Black Girls Do Bike

  • Black Girls Do Bike members Candi Castleberry Singleton, Michele Boyd, Atiya Abdelmalik ride at the Open Streets event in Pittsburgh on Sunday, May 31, 2015. Photo: Kara Holsopple

June 5, 2015

A couple of years ago, Monica Garrison rediscovered her love of biking while riding the trails of Pittsburgh with her two kids in tow. But she noticed something odd: She was almost always the only African-American woman out there on a bike.

So she decided to start an online community, Black Girls Do Bike, to connect with other African-American riders across the country. Garrison immediately found an audience, but she quickly learned people also wanted to connect in person. So members of the group formed local chapters so women could ride together.

“You pay no dues to join. You simply show up and ride,” Garrison says. “And the goal is to have at least one monthly ride that’s, like, no woman left behind.”

Women of all ages and skill levels ride together, from experienced cyclists to what Garrison calls the "bike curious"—people who aren’t riding their bikes regularly but are looking for an opportunity to hop on a bike seat. Garrison says Black Girls Do Bike welcomes women of “all shades” to ride with them, but the group specifies black women in its name because that demographic is underrepresented in the cycling community. She hopes getting more black women riding will have a snowball effect.

Monica Garrison, founder of Black Girls Do Bike. Photo courtesy Monica Garrison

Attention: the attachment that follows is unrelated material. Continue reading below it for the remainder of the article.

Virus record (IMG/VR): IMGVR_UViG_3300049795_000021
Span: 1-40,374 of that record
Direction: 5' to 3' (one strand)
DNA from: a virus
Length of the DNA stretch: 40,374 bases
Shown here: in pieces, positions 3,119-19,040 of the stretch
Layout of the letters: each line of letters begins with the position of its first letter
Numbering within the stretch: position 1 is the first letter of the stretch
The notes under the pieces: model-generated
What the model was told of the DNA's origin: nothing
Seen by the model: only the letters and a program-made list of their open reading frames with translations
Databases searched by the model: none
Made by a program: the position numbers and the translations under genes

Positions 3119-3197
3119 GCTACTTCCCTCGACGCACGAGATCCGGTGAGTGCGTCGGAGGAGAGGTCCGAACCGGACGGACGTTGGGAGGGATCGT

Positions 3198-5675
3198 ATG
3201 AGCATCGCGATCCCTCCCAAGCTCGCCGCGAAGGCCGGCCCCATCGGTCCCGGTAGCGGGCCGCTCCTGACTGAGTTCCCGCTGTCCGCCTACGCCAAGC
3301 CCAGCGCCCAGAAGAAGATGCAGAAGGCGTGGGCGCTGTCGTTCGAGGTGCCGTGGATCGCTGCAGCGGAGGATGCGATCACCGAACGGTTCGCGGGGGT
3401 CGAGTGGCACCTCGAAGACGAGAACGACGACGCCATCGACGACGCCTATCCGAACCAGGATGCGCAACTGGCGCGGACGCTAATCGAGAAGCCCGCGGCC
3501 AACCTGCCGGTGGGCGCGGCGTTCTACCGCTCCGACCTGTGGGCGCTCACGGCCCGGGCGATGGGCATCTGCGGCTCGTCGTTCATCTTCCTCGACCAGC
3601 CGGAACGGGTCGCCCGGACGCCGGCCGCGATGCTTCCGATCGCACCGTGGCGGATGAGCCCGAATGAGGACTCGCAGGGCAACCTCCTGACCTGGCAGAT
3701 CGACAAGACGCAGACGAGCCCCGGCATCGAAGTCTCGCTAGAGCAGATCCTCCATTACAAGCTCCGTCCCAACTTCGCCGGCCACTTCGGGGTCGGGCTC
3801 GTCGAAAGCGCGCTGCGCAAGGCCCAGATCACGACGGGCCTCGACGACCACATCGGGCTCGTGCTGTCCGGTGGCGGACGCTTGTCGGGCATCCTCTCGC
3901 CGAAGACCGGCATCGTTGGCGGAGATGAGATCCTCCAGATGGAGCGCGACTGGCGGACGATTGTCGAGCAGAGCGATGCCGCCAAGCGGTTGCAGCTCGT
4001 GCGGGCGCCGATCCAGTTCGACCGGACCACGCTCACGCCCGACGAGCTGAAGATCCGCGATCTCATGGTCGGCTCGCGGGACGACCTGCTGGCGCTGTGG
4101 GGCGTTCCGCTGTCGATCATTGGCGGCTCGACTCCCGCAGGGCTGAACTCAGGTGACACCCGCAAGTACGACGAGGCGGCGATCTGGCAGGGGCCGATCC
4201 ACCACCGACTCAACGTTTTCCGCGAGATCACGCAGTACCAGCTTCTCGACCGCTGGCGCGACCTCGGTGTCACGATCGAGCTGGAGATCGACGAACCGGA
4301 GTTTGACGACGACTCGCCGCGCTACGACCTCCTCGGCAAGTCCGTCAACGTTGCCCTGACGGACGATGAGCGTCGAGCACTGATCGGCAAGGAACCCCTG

Monica Garrison, founder of Black Girls Do Bike. Photo courtesy Monica Garrison

“If you don’t see African-American women riding around in your neighborhood, the thought may never cross your mind that, ‘Hey, I could hop on my bike and go to the grocery store.’ Because people don’t seem to do it,” Garrison says.

Garrison says the high rates of diabetes and heart disease in the African-American community is another reason to focus on African-American women. She also says that women are often caretakers and need to take better care of themselves to care for the people they love. That time and attention to family, sometimes combined with juggling a job or career, could also explain why more black women don’t participate in cycling. Garrison also says some women or minorities may not feel comfortable walking into male-staffed bike shops that are stocked with clothes and gear that aren’t made with them in mind.

But Garrison is encouraged by those in the cycling community who have reached out to her to host Black Girls Do Bike events. To attract more diversity in cycling or other outdoor activities, Garrison says people should share their own joy and enthusiasm for the sport. But she says it’s also critical to listen to the needs of a more diverse audience.

“The goal would be [asking] ‘Okay, what is your experience, how is it unique? How is it different from mine?’ And then engaging in those conversations to figure out how you can actually help, instead of preaching,” Garrison says.

There are now Black Girls Do Bike chapters in 43 U.S. cities. She’s also heard from riders in Germany and West Africa who are interested in starting international chapters.

Garrison says she has a “pinch myself” moment every time she thinks about how the movement has grown. She feels a sense of fulfillment when she hears stories of women who are buying a bike for the first time, or jumping on bikes that have been sitting unused in garages for years. She says when these women become regulars on group rides, and support other women in turn, she knows her idea is working.

Garrison would like to organize a national Black Girls Do Bike event. But until then, she has a personal goal: She’s mapped out a cycling route which includes all of the murals she’d like to see and photograph in Pittsburgh. She says the scenery is a lot better from a bike.